Friday, April 11, 2014


Roseola is a very common childhood illness.
Other rarely used names for it are exanthema subitum (which means sudden rash), roseola infantum, or sixth disease.

There are a few different strains of the Herpes virus that  can cause it, so some kids may seem to get it more than once.
It is most common among children between the ages of 6 months and 3 years.

Patients present with a very high fever, but here is the big clue...they are acting fairly normal.
I have had many phone calls when the parents call to report that their child has a temperature that is over 104, and yet I can hear the child chattering or even singing happily away in the back ground.

Keep in mind that anytime I have a child with a very high fever who is also very fussy, I am likely going to suggest that they get seen. Fussy kids might be telling us something. I would want to rule out an ear infection or a urinary tract infection. I would want to check their throats and listen to their lungs.
Roseola kids, on the other hand are typically not terribly fussy at all. The fever can hang on for about three days and then the fever is gone and here comes there rash.
This is a very rosy red rash that started all over the trunk and spreads.
It will lighten when you press on it.
Once the rash comes along many of my patients also may become somewhat fussy for the next several days. In general they seem to be a bit more miserable in the rash phase of the illness than they were with the fever.
Roseola is one of the reasons that I have my "3 day fever rule".
If I have a reasonably happy patient who is eating and drinking I am fine waiting to see if we are dealing with this very common illness.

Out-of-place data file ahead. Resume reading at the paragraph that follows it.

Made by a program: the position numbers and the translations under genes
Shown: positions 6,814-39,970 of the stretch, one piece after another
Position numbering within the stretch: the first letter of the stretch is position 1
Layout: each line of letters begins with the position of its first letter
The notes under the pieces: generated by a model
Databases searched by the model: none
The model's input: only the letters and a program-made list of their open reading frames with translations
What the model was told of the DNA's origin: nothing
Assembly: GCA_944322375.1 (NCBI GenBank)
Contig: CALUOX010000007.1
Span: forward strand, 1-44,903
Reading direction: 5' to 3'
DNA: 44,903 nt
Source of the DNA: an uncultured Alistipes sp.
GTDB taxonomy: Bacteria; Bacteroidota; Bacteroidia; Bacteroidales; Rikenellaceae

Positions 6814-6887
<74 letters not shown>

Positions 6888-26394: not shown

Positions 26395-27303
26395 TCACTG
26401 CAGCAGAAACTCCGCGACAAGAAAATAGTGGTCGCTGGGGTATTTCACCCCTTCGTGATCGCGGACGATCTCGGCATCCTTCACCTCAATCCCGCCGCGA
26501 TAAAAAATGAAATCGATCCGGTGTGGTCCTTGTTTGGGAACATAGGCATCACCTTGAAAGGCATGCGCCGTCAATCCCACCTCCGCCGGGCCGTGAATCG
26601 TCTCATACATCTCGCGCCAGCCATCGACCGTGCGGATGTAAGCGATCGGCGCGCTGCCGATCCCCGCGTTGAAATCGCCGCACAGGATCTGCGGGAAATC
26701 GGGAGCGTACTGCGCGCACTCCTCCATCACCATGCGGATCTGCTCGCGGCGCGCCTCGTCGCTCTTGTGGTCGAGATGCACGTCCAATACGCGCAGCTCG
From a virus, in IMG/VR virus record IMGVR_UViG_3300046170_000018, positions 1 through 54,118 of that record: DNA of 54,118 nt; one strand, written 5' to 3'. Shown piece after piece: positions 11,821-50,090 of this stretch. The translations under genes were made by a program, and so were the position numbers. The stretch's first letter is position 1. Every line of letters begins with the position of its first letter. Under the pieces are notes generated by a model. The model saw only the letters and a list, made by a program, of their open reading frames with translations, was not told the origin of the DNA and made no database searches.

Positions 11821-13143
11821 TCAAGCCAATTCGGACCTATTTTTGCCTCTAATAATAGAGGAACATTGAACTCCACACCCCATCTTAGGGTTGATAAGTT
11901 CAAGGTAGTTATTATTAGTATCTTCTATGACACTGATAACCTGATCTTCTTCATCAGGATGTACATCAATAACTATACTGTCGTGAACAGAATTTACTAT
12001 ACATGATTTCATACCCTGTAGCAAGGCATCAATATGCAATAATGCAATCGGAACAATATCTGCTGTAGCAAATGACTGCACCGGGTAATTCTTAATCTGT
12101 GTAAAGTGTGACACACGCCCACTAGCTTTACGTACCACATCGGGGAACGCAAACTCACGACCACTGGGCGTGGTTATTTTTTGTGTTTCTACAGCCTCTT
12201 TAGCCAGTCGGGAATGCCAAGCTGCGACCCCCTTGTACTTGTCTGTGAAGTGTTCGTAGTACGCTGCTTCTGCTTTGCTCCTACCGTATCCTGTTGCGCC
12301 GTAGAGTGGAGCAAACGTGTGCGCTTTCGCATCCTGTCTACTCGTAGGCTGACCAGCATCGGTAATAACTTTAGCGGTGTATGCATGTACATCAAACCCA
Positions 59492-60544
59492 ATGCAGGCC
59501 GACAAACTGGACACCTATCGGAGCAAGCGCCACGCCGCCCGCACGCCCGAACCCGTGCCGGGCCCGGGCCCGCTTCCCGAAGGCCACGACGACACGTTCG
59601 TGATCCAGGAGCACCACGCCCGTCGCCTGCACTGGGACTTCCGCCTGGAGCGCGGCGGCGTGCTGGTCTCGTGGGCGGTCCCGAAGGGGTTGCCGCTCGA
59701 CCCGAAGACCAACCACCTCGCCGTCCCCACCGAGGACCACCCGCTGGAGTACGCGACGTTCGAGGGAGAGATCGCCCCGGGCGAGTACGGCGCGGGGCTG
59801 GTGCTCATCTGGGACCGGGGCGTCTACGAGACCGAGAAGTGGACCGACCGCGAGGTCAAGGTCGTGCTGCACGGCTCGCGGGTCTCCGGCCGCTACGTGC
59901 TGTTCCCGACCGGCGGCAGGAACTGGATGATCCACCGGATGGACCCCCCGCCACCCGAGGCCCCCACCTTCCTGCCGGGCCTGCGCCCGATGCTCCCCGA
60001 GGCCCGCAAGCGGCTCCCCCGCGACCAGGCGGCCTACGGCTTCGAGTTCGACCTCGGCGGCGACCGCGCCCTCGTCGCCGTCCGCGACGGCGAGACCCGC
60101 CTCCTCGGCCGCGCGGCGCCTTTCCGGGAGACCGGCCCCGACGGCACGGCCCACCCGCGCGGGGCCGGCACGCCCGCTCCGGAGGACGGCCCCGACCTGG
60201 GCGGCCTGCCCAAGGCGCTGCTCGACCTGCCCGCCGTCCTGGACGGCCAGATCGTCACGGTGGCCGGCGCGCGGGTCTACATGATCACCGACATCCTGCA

At day 3, the fever is usually gone and the rash has declared itself.

Any fever that is lingering longer than 3 days needs to be checked.
With Measles back on the horizon, we need to be a little more wary of the fever/ rash combination illnesses.
With Measles, the fever and rash may at the same time. 
The child will look sick.
To Review: 
Classic Roseola clues include
*child does not look or seem very sick even though they have a high fever
*the rash comes out AFTER the fever is gone

As with many viral syndromes the only treatment is symptomatic.
Keep your child hydrated and keep the fever down with baths, Tylenol or Advil.

Because about 10% of children can have a seizure (usually harmless but super scary) with very high fevers, I suggest treating a fever if it is higher than 101.5

Roseola is contagious.
The exposure period is about 9-15 days.
This means that  they usually won't get sick until a week or two after they were around patient X. 
Kids can spread the virus starting about a day or two before you know they are ill.
They are usually no longer contagious once the fever is gone.
Many schools want kids home for at least 24 hours after a fever is gone. This is not unreasonable.
Consider this one just another "right of passage" 

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